World Economy

Draghi’s QE Era Seen Ending

Draghi’s QE Era Seen EndingDraghi’s QE Era Seen Ending

Mario Draghi is ready to end the European Central Bank’s bond-buying program even if he puts off the decision for one more policy meeting, economists say in a Bloomberg survey.

Almost a third of respondents predicted the ECB president will set an end-date for purchases after next week’s gathering of the governing council, and 46% said he’ll do so at the July session.

Either way, analysts are confident buying will be phased out this year, especially after executive board member Peter Praet confirmed a Bloomberg News report by signaling policymakers will hold their first full talks on whether to pull the plug on the stimulus tool.

“It could well be the case we are going to have a formal announcement in June rather than in July, as I had expected before Praet’s speech,” said Annamaria Grimaldi, an economist at Intesa Sanpaolo. “If they want to be on the extra-cautious side they could wait until July 26. However, Praet is the last of a number of members who hinted that market expectations that the asset-purchase program will be terminated this year are realistic.”

A decision to terminate the bond-buying program would mark the first step for Draghi out of crisis-fighting mode. The June 14 meeting in Latvia—one of the occasional sessions held outside Frankfurt—comes four years to the month since the ECB became the first major central bank to cut interest rates below zero. It followed up with cheap loans to lenders and asset purchases that will total €2.6 trillion ($3.06 trillion) by September.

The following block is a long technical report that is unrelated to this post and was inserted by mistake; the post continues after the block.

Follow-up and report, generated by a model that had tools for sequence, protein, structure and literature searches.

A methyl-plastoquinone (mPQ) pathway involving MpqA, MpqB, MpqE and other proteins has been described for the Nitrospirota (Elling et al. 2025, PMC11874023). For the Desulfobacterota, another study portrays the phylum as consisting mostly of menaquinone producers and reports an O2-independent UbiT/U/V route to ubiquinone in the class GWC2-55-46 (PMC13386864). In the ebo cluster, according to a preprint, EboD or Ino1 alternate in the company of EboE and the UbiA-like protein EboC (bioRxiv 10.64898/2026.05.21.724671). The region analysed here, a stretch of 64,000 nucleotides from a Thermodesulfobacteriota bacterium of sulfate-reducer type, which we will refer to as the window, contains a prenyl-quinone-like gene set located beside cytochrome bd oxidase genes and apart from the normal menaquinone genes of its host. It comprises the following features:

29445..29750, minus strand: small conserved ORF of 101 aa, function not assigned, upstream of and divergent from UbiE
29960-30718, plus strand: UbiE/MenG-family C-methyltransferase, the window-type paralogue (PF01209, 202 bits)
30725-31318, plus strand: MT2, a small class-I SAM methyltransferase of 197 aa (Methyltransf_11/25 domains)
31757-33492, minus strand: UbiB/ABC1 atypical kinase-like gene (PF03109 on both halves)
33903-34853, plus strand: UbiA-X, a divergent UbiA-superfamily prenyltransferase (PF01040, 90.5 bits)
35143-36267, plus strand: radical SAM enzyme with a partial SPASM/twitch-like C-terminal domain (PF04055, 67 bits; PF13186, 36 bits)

Economists predicted it will add €38 billion of debt to quantitative easing in the last three months of 2018, and reinvest the proceeds from maturing bonds for another two to three years.

The ECB is still years behind the US Federal Reserve in removing emergency stimulus. The US central bank slowly started lifting borrowing costs in 2015 and is on course for at least two more interest-rate increases this year.

While Praet reiterated his confidence in the eurozone’s economic expansion and signs that inflation is gaining traction, policy makers will have to take into account a host of risks. Economists cited the top two concerns as political uncertainty in Italy and a global trade conflict.

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